Low-carbon windfarm

Five things the world will need for a low-carbon future

Wind, sun and water – what else do you need to make renewable energy work?

Last updated: 9 September 2019


Wind, sun and water – what else do you need to make renewable energy work?

A lot of things in modern life involve at least a little bit of the metals and minerals we produce.

And some things need a lot.

Take clean energy technologies like wind, solar and batteries: each of these needs large amounts of minerals and metals to work. In fact, the World Bank has found that as clean energy becomes more widely used – with global renewable capacity expected to grow by 46% by 2023 according to the International Energy Agency – the future demand for minerals will be significant.

Here are five minerals and metals you can expect to see more of in a low-carbon world:

Copper tubes
Used in everything from electric vehicles to wind turbines, copper is the best non-precious electricity conductor

1. Copper

Copper is the best non-precious conductor of heat and electricity on the planet. It's found in everything from the electrical wiring in your house to renewable power sources like wind turbines. And because it can help things work more efficiently, copper will play an important part in a more sustainable future. It's used widely in smart technologies and the electrification of transportation: Electric vehicles use about four to six times more copper than traditional internal combustion engine cars.

2. Lithium

From electric vehicles to power grids, in a low-carbon future we'll need more and bigger batteries. That means we'll also need significant amounts of minerals like lithium, a key ingredient in battery technologies. The World Bank estimates global demand for lithium will increase by 965% by 2050 to supply clean energy technologies.


A 3-megawatt wind turbine – which is about as tall as the London Eye – contains 4.7 tons of copper, 3 tons of aluminium, 335 tons of steel and 1,200 tons of concrete.

Electric car

What is climate-smart mining?

We want to be part of the solution to help address climate change. That's why we are one of the first to join the World Bank's Climate-Smart Mining Facility. Climate-Smart Mining will support the sustainable mining and processing of minerals and metals needed for clean energy technologies, while also minimising the environmental and climate footprint.


It will provide funding to support projects like integrating renewable energy in mining operations, supporting sustainable land-use practices, repurposing mine sites, and recycling minerals. The Facility will also assist governments to build a robust policy, regulatory and legal framework that promotes climate-smart mining practices.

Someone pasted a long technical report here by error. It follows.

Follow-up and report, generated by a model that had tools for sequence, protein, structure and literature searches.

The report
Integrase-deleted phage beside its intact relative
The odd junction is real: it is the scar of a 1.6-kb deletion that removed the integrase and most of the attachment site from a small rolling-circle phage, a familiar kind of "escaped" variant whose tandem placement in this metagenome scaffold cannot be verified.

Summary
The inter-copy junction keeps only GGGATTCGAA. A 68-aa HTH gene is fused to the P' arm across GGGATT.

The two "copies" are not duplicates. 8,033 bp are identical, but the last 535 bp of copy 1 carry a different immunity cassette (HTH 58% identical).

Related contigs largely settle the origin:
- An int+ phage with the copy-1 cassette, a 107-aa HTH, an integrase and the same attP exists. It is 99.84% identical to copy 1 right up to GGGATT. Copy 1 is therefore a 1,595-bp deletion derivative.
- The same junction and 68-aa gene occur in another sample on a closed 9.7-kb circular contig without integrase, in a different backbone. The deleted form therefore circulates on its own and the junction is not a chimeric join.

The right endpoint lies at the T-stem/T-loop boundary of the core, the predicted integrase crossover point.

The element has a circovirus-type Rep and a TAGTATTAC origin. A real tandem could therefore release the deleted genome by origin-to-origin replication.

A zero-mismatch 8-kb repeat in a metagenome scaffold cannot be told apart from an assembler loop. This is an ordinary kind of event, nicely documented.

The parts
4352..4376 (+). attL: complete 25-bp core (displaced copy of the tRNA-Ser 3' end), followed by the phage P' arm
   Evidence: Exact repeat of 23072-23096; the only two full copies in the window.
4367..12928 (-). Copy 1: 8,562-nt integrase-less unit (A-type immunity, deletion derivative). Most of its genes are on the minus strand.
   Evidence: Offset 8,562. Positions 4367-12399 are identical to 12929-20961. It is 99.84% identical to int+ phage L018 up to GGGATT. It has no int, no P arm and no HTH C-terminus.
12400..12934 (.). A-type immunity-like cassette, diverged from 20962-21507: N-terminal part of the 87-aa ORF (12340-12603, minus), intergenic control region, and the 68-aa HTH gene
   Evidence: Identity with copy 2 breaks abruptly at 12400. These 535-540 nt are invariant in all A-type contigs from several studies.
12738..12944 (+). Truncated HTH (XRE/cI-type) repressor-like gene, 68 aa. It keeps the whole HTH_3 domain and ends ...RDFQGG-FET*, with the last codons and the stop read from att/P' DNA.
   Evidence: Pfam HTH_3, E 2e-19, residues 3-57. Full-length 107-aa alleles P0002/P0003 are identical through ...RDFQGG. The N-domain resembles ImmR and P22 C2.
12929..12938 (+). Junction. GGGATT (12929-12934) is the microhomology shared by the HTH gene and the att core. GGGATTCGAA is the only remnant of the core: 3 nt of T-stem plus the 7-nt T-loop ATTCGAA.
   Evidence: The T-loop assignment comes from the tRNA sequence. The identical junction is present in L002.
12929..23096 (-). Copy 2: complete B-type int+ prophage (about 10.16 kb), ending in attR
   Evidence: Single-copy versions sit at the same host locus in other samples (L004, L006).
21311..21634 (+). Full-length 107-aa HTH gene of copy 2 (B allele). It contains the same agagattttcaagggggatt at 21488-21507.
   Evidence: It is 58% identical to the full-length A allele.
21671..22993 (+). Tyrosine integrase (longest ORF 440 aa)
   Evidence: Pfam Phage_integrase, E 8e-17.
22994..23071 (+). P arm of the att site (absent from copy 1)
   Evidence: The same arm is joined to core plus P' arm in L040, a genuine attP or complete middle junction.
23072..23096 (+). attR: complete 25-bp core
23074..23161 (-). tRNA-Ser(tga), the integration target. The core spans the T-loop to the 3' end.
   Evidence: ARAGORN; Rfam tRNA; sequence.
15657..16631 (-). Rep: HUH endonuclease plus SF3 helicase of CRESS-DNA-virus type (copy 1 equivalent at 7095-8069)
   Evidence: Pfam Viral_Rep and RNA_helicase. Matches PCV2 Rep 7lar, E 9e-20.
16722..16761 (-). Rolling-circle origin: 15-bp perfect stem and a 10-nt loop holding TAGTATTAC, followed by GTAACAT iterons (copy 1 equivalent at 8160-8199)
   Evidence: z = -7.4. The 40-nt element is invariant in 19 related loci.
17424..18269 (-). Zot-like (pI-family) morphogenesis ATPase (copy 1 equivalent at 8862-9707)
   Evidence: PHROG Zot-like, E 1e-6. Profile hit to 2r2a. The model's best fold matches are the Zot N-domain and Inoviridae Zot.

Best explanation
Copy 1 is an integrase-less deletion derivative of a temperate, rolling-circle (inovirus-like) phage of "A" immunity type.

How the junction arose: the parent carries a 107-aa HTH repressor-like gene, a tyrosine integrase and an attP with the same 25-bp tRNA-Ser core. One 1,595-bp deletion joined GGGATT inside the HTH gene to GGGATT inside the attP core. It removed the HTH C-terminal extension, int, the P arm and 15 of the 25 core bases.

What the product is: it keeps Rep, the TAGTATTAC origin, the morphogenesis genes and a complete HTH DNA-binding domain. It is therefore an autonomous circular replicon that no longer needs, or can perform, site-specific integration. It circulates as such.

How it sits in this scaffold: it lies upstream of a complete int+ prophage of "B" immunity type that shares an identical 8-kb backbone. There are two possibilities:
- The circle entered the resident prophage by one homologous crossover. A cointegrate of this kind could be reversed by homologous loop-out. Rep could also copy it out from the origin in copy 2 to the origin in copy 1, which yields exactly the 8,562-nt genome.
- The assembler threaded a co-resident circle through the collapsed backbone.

3. Aluminium

Aluminium is light and strong – perfect for use in energy-efficient transportation. Aluminium-intensive vehicles generate up to 17% lower carbon dioxide equivalent emissions over their life cycle, compared with baseline models. It's also known as one of the most energy efficient and sustainable construction materials. It's corrosion resistant and long lasting, and aluminium building products generally contain anywhere from 50 – 85% recycled metal. Its light reflecting and insulating properties can also contribute to energy efficiency.

4. Borates

Never heard of borates? You're looking at them right now: They're used in everything from smartphone and computer screens to agricultural fertilisers, which help feed the world's growing population. They're also a vital ingredient in building insulation, which keeps your home warm in winter and cool in summer – helping to reduce your electricity use.

Wind turbine

Reducing our own footprint

It takes a lot of energy to mine and process the minerals and metals the world needs.


We have reduced our emissions intensity by almost 30% since 2008 and 71% of the electricity used across the business is from low-carbon renewable energy. We're also the only major mining company to have a fossil-fuel free portfolio.


But there's more we need to meet our goal to substantially decarbonise our business by 2050. That's why we're always looking for ways to reduce our emissions – from renewable energy to innovative technologies.

In our Aluminium business, we've formed a ground-breaking partnership with Alcoa – with support from Apple and the governments of Canada and Quebec – to further develop technology that will eliminate greenhouse gas emissions from the aluminium smelting process.

At our Kennecott copper operations in America, we've shut our coal power plant and moved to renewable electricity – reducing our annual carbon footprint by 65%. That's equivalent to over a million tonnes of CO2.

5. Titanium

Our titanium dioxide business is working on the development of low-cost metal powders for 3D printing which is used by the aerospace industry, removing the need to cast metal, reducing energy and waste.

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